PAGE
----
• Eat fruit and vegies that are in season - don't get cherries from the USA in mid winter because you can.
What do you do to reduce your food miles?

Have you ever worked out the food miles of the food you buy from shops?

Monday, November 1, 2010

Our permablitz

Continuing on from the Orange permaculture course we have started a Central West Permaculture Group and a permablitz at our house was our most recent event. Here is what we did...

I gathered materials..... native cypress mulch from a sawmill, some old railway sleeps, some mixed over sized rocks, 20 bales of lucerne hay and all the newspaper and cardboard I could find.

What we did - thanks to all the members from Central West Permaculture Group - we put out a layer of wet newspaper down and spread out lucerne hay under my fruit trees - then we put in some fruiting shrubs (gooseberries and black currants) and a couple of native Hardenbergia violoaceae (Happy Wanderer) plants to produce nitrogen in the food forest.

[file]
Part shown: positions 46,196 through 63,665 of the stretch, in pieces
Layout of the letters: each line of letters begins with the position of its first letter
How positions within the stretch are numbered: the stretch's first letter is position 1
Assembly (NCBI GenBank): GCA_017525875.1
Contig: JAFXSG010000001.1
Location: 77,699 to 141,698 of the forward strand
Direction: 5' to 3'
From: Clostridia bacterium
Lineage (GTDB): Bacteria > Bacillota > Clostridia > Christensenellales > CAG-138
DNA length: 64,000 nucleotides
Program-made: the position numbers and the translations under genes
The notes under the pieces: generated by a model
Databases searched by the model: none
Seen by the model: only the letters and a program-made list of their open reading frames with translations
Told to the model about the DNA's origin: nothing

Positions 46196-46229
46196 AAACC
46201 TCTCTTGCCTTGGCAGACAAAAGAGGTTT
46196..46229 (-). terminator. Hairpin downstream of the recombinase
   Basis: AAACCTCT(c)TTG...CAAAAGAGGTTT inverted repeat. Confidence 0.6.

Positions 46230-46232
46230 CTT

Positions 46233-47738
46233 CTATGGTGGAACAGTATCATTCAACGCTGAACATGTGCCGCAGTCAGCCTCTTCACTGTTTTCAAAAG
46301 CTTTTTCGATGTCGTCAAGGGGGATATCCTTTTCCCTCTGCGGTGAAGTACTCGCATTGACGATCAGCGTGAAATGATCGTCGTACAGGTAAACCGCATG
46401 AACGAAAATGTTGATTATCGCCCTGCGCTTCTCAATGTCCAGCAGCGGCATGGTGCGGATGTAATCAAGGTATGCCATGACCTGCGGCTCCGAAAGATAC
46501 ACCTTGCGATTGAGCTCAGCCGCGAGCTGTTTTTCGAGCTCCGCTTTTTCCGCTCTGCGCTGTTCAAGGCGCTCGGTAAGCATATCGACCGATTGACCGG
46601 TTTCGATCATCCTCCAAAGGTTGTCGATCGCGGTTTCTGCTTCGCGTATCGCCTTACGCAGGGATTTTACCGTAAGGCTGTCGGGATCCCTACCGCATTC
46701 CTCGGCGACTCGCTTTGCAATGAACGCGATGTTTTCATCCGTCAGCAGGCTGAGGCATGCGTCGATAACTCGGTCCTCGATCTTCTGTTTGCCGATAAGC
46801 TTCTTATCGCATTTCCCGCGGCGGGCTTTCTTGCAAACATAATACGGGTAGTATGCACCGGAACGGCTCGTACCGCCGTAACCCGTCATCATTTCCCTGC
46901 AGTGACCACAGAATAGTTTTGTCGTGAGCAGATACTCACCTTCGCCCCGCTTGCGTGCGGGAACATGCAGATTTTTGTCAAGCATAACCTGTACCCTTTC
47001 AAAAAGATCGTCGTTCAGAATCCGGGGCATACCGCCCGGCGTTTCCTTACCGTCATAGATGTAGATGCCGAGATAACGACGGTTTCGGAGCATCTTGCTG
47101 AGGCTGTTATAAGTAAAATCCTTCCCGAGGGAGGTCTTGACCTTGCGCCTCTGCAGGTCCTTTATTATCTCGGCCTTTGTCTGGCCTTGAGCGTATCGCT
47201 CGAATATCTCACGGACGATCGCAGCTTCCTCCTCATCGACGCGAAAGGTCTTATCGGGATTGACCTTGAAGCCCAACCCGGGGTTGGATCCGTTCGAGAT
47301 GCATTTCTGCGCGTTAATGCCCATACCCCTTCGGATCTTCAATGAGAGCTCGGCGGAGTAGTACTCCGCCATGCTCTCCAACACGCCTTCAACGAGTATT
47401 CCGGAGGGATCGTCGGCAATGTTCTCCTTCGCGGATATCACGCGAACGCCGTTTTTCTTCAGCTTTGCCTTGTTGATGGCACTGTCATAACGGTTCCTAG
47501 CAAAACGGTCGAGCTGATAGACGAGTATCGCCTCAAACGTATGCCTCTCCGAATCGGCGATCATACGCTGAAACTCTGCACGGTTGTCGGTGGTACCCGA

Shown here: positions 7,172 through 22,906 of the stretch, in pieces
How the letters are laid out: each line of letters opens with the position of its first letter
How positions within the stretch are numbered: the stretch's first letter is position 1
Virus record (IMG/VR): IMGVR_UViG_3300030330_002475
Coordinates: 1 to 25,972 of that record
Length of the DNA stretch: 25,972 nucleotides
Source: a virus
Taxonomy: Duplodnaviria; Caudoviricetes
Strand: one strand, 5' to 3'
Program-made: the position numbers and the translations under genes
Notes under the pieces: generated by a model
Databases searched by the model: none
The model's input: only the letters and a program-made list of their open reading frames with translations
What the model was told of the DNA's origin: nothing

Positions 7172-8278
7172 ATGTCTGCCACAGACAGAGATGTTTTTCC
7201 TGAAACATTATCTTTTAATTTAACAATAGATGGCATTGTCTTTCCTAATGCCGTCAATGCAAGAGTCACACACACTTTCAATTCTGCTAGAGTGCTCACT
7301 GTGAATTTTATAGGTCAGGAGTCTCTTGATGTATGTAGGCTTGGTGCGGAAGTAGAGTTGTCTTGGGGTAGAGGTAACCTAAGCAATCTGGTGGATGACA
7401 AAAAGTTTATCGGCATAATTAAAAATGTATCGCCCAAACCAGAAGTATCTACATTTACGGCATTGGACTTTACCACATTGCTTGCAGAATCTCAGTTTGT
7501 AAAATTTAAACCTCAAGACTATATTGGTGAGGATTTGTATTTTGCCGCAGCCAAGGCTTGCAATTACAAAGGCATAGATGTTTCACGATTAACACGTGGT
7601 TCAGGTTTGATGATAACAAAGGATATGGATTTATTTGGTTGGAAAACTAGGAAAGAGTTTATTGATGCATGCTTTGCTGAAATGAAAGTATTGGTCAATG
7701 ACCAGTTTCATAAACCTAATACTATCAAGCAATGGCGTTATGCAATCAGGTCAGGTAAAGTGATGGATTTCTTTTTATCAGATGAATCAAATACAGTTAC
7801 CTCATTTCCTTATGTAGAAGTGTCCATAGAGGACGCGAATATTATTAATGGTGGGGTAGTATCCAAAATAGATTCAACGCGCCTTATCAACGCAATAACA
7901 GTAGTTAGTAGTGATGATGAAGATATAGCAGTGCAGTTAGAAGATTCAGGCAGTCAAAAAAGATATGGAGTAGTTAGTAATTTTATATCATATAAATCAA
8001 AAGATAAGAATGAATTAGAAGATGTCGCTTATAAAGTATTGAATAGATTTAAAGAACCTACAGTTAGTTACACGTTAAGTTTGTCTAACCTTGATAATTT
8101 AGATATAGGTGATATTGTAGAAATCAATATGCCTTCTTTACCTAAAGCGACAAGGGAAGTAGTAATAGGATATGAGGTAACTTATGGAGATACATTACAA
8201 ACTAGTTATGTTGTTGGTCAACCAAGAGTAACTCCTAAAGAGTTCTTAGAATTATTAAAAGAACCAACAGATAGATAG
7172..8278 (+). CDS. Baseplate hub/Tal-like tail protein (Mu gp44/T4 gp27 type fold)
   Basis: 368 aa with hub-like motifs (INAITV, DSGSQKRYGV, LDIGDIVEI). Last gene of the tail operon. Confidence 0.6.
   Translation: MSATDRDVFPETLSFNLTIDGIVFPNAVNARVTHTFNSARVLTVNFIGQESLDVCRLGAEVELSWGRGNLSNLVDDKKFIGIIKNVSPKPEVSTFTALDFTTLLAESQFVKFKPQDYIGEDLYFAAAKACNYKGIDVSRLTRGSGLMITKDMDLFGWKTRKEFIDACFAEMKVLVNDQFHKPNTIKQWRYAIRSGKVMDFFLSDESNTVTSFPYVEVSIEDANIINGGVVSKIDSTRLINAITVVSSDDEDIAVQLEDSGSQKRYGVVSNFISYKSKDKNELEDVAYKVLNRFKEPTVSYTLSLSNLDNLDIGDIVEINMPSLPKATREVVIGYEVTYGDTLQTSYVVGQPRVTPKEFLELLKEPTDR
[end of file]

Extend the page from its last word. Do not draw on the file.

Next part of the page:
Before the sheet mulching (above)...... and now with a thick layer of lucerne straw (below)

On the other half of the front yard we constructed a dry creek bed with a shallow rock filled wetland at the end..... now I will have to propagate some local sedges, rushes and reeds to cover the banks and shallow waters to make a good frog habitat.

Digging the swale for the dry creek bed (above) and filling with rocks (below)

We also put down a layer of cardboard and newspaper under the many native trees and shrubs I have planted in the front yard and then covered the paper and cardboard with the cypress pine mulch...

What a reduction in lawn mowing.... only the nature strip out the front now ... and all that organic matter helping to build soil health and condition the soil.

All completed in four hours thanks to the help from some of the permaculture group members for the price a hot lunch - bargain hey.  Who's place is next?